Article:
15.  And He said to them, “You are those who justify yourselves before men, but God knows your hearts.  For what is highly esteemed among men is an abomination in the sight of God.

Having been interrupted in His teaching by their mocking outburst, Christ turns back to the Pharisees and is now speaking to them directly again rather than indirectly by addressing His disciples in their presence.

The Lord well knew that, though they might ridicule Him, they could not deny the truth and righteous judgment of what He was saying. His words were based on the truth of God, which they had so sorely neglected. They had managed by their learned exterior and smooth words to justify their unfaithfulness to God’s law before men. Yet God knew their hearts, and He was not fooled by their self-righteous exterior. Men might have been taken in by them, and they were highly regarded by the common people who surrounded them on every hand. This actually assured them that God must think of them the same way. Yet Christ reveals the reality of the matter to them. Their false teaching, so highly esteemed by men, was nothing but an abomination in God’s sight. To them, the Lord’s words may have been contemptible, but in God’s perspective, it was their actions that were abominable. He detested their teachings and practices.

16.  “The law and the prophets were until John.  Since that time the kingdom of God has been preached, and everyone is pressing into it.

Christ is now preparing to show how the Pharisees had negated the law and the prophets by their false teachings. The law and the prophets were God’s means of dealing with people until John the Identifier had appeared on the scene. Yet the Pharisees had not heeded either the law or the prophets, but had negated what they taught by their own traditions. Since John had appeared, a new order of the day came into effect, and the Kingdom of God had been the subject of God’s message and dealings with men. Many people were excitedly pressing to get into the kingdom that was being offered. But not the Pharisees! They were rejecting the kingdom of God as well, and anyone who listened to them they were turning away from it. Thus, they showed that no matter what God’s method of dealing with them might be, they were unwilling to yield to it. Whether it was through the Scriptures or by His direct action, they were going to oppose it at every turn.

The statement about everyone pressing into it seems cryptic. The word in Greek indicates an unusual and almost drastic action. He could be speaking of the eagerness with which some men were accepting His message of the government of God that was coming. Though they might just be simple fishermen who had previously been all but uninterested in politics, now these men were eagerly entering the government that God held out to them. Indeed, many who are sick of the governments of this world and want nothing to do with them might find in God’s government when it comes a pearl of great price that they have long been seeking, even without knowing just what they were looking for. That is what men were doing at this time. Yet not, of course, the Pharisees.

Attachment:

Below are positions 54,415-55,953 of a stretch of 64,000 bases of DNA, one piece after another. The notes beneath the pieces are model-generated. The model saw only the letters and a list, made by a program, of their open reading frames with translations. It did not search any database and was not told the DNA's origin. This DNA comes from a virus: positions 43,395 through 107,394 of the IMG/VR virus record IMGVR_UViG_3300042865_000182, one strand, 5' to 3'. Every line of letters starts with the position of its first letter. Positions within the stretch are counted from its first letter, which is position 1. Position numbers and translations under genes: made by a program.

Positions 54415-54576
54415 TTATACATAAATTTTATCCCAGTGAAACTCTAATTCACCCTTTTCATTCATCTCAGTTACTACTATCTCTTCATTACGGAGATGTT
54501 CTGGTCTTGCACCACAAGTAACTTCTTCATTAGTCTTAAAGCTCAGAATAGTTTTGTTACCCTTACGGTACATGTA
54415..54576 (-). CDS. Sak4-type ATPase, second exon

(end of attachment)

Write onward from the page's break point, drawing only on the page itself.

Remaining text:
17.  “And it is easier for heaven and earth to pass away than for one tittle of the law to fail.

Christ first proclaims the truth about the law: that heaven and earth could sooner pass away than that one tittle of the law should fail. A tittle was the smallest of marks in the Hebrew alphabet, and yet it was very important, as it could change one letter into another and therefore totally change the meaning of a word. Yet not even one little mark of the law would fail! This is how God viewed His word contained in the law. Yet the Pharisees were making that law void by their own traditions, and were acting and living in contradiction to it, as the Lord is about to show.

18.  “Whoever divorces his wife and marries another commits adultery; and whoever marries her who is divorced from her husband commits adultery.

Now Christ shows how little care the Pharisees took with the law. Moses had allowed men who found some uncleanness in their wives to write her a certificate of divorce and send her away. This was really to protect the woman, for there could be no doubt then that she was legally divorced, and if she remarried her first husband could not come back to her and claim that he had some claim on her, or call her an adulteress. All had to be done legally. Yet the law that God put in place to protect women, the Pharisees had twisted to create an abominable power in men. They would allow any man who wanted to get divorced to do so. In fact, they even had a rule that if a man said “I divorce you” three times to his wife, they were then officially divorced! We can certainly imagine how this power could be misused. Imagine a man holding this over his wife, that if she did the least thing he didn’t like, he would divorce her on the spot! Or imagine a man being tempted by an adulteress just saying “I divorce you” three times, and then having relations with the adulterous woman and figuring that he was free from the law of adultery! This perversion that these Pharisees had worked out corrupted everything God intended by enacting the law of divorce.